Local Planning for Terror and DisasterÂ gives voice to experts in key fields involved with local preparedness, assessing the quality of preparedness in each field, and offering directions for improvement.Â Introductory chapters provide overviews of terror medicine, security and communications, which are indispensable to successful preparedness, while subsequent chapters concentrate on a particular field and how responders from that field communicate and interact with others during and after an event.Â Thus, aÂ chapter by a physician discusses not only the doctor's role but how that role is, or should be, coordinated with emergency medical technicians and police.Â Similarly, chaptersÂ by law enforcement figures also review police responsibilities and interactions with nurses, EMTs, volunteers and other relevant responders.Â
Developed from topics at recent Symposia on Terror Medicine and Security, Local Planning also encompassesÂ aspects of emergency and disaster medicine, as well as techniques for diagnosis, rescue, coordination and security that are distinctive to a terrorist attack.Â Each chapterÂ also includes aÂ case study that demonstrates preparedness, or lack thereof, for a real or hypothetical event, including lessons learned, next steps, and areas for improvement inÂ thisÂ global eraÂ which increasingly calls for preparedness at a local level.
This textbook, now in its third edition, is ideal for graduate dysphagia courses in speech-language pathology programs. The unique value of this book is the multidisciplinary approach it presents. Too often, speech-language pathologists function clinically with insufficient interaction with, or understanding of, the roles of other professionals involved with their patients. This text incorporates information pertinent to the roles, tools, and views of a multidisciplinary dysphagia team, including physicians, speech pathologists, nurse specialists, and dieticians, that works together on a daily basis. For the third edition, the authors have added a companion workbook that includes practical exercises accompanying each chapter - for example, a step-by-step tutorial for making objective measures of timing and displacement from fluoroscopic swallow studies. The exercises are designed to clarify and expand on information presented in the text and should be of interest not only to students but to practicing clinicians hoping to add new skills to their repertoires.Previous chapters have also been thoroughly revised and updated, including new information on the following topics: Effects of head and neck cancer, chemotherapy, and radiation therapies on swallowing Clinical and bedside assessments Survey instruments used by patients and clinicians How surgeries/treatments affecting the head and neck (e. g., cervical spine, thyroid) affect swallowing Greatly expanded information pertinent to unique features of dysphagia associated with CVA, neurogenic and neuromuscular disorders New information regarding reflexive interactions between esophagus and larynx that potentially influence swallowing Assessment in infants and children New tools for nonoral feeding Recommendations for dysphagia diets, and practical ways to implement these Rheologic characteristics of foods and how this information is incorporated in assessment and treatment planning The utility of endoscopy in assessment and treatment; how and why critical endoscopic observations (i.e., aspiration, penetration) may differ from fluoroscopy Greater discussion of radiation and need/recommendations for exposing patients to radiation The value and validation of the anterior-posterior esophageal screen New technologies and improvements in existing technologies for oral-pharyngeal and esophageal dysphagia assessment New information regarding swallowing in the normal elderly, with particular attention to utility of information in differentiating normal from disease Contribution of objective measurement data in treatment planning (in particular, the use of objective data to predict aspiration even when not observed on fluoroscopy) New tools for making measures in dynamic swallow studies that streamline the measurement process A comprehensive overview of behavioral, medical, and surgical approaches to dysphagia The DVD includes an animated tutorial demonstrating techniques for objective measures from fluoroscopy studies. In addition, it includes both normal and patient fluoroscopy studies for review and measurement. The patient studies selected are representative of impairments typically observed in clinical practice (inpatient and outpatient). Other media clips illustrate each instrumental assessment technique introduced in the book (e.g., endoscopic, transnasal esophagoscopy, high resolution manometry), performed on a variety of dysphagic patients. As noted, a separate workbook is also available to reinforce student learning of the concepts presented in the textbook and DVD. With its updated and expanded content, Dysphagia Assessment and Treatment Planning, Third Edition highlights the most current evidence-based research as it applies to a team-based approach to clinical practice.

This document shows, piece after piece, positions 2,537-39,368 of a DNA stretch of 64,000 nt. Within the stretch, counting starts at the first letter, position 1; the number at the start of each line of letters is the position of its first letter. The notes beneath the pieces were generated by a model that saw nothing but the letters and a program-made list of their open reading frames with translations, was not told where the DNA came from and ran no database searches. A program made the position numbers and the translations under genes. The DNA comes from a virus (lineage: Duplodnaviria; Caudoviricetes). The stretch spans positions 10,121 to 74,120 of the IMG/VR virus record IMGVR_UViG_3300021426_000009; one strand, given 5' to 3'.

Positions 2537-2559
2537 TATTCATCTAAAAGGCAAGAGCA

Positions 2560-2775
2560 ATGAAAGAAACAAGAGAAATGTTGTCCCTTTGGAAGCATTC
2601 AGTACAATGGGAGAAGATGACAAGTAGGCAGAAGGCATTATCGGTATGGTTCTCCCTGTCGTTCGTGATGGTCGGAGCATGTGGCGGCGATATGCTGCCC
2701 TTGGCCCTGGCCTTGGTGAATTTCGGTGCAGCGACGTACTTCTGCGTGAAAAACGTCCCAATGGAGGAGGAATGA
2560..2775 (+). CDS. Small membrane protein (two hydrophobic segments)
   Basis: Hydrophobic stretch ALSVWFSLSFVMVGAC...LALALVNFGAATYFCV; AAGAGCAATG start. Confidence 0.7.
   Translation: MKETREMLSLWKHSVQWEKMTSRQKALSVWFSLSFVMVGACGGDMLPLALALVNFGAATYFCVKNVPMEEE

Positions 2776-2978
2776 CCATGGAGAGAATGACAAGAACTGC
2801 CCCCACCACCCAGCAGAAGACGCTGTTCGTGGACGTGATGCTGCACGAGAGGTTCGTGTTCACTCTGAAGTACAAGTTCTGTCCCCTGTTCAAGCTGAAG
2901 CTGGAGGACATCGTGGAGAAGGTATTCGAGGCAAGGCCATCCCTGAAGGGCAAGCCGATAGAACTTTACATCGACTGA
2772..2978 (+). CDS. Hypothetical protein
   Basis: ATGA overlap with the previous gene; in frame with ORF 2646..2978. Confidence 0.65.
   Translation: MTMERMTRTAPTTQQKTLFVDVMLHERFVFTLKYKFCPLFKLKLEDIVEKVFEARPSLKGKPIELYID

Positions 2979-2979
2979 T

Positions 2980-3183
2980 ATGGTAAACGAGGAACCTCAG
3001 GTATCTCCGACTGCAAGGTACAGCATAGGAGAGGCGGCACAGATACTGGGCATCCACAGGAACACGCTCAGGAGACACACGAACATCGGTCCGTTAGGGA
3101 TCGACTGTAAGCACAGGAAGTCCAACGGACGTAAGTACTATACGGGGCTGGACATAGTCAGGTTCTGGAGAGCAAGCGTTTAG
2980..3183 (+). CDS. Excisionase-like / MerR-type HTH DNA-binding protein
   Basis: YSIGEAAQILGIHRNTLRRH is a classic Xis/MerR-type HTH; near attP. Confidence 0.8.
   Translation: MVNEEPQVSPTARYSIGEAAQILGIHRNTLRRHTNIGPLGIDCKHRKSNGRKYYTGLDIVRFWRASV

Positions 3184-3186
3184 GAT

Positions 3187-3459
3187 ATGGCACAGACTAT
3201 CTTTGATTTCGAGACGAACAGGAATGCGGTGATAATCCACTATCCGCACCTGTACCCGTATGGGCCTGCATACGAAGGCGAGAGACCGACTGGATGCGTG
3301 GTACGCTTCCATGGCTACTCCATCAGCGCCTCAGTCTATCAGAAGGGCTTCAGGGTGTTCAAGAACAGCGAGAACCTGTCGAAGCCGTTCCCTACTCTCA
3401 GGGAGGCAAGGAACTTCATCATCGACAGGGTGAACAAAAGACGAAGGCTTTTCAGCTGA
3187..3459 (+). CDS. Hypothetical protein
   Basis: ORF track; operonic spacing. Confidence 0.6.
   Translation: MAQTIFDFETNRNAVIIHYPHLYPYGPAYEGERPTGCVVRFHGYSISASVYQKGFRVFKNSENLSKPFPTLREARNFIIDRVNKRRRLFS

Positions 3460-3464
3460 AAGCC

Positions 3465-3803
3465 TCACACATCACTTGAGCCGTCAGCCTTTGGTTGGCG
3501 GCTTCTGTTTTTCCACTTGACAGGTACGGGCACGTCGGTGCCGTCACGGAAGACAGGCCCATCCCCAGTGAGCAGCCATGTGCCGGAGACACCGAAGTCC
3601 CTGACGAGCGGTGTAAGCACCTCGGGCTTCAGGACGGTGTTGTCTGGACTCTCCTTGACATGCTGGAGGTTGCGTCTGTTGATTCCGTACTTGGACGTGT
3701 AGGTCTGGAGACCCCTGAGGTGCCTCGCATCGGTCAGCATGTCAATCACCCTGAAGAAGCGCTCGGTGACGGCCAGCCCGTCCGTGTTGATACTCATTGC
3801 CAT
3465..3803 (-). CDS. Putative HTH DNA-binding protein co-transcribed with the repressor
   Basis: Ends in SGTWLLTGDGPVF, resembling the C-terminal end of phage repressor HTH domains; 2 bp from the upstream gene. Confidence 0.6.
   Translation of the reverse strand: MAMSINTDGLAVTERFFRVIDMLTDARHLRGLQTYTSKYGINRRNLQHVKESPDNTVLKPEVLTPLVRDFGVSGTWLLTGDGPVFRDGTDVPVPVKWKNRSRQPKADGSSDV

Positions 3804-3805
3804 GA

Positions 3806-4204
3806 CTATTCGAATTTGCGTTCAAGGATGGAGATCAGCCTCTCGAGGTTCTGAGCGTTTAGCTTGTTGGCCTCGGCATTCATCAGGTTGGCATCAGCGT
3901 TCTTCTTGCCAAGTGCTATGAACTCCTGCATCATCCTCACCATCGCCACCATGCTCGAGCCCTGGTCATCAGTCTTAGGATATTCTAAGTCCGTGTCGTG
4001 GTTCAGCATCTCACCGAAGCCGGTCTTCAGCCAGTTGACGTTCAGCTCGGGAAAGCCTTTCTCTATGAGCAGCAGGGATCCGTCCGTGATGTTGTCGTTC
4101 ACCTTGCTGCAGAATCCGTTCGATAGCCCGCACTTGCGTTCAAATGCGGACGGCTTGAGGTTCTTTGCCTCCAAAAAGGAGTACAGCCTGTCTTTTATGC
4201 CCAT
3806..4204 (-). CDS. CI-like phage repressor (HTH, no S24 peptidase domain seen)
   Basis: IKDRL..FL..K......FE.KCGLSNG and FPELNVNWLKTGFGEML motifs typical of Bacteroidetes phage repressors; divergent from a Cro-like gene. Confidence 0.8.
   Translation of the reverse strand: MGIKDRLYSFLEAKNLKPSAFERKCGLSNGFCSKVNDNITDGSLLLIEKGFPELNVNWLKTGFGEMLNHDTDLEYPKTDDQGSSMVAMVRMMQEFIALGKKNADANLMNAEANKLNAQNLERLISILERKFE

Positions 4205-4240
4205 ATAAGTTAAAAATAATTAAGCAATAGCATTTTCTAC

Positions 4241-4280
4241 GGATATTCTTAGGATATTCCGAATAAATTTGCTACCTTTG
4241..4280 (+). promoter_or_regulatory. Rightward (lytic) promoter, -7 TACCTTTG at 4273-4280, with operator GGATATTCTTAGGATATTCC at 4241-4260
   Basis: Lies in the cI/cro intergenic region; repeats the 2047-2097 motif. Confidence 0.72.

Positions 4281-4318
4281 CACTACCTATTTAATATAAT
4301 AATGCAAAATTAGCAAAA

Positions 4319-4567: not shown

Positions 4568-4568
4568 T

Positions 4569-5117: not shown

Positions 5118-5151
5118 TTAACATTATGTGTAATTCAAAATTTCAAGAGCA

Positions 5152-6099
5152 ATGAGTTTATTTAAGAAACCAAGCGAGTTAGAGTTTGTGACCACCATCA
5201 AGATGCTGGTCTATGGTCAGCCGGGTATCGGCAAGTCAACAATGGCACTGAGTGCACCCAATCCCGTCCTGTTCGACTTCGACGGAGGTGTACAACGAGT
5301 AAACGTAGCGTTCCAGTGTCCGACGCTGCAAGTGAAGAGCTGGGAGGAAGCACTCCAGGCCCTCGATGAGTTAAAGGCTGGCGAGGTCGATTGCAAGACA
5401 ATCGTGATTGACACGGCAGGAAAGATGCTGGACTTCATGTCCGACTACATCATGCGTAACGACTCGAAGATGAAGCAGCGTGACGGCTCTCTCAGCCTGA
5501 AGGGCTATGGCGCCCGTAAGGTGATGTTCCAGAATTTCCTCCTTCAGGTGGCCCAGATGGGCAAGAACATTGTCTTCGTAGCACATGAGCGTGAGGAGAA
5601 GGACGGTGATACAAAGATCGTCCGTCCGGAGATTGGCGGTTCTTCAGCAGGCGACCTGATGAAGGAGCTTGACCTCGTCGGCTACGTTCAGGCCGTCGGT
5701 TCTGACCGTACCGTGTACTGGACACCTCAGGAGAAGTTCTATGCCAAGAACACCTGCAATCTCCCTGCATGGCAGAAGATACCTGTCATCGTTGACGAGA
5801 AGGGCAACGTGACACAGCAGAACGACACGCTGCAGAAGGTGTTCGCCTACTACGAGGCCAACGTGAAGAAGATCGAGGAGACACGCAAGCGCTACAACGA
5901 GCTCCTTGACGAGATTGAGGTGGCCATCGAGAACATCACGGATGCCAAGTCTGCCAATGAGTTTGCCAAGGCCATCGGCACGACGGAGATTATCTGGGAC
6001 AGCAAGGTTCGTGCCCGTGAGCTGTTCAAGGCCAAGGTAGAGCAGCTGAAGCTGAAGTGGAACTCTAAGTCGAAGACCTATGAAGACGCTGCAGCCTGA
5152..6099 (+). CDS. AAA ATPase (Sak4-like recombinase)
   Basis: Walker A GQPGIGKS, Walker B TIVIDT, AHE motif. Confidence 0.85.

How successful is your congregation as a multi-generational congregation, united in love of the Lord, joyful worship, and service to a broken world? Good planning needs a clear understanding of the problems and opportunities so have a church team use the Manual's challenging yet realistic evaluations to evaluate your strengths and weaknesses and begin planning for the future to which God is inviting you and your new members!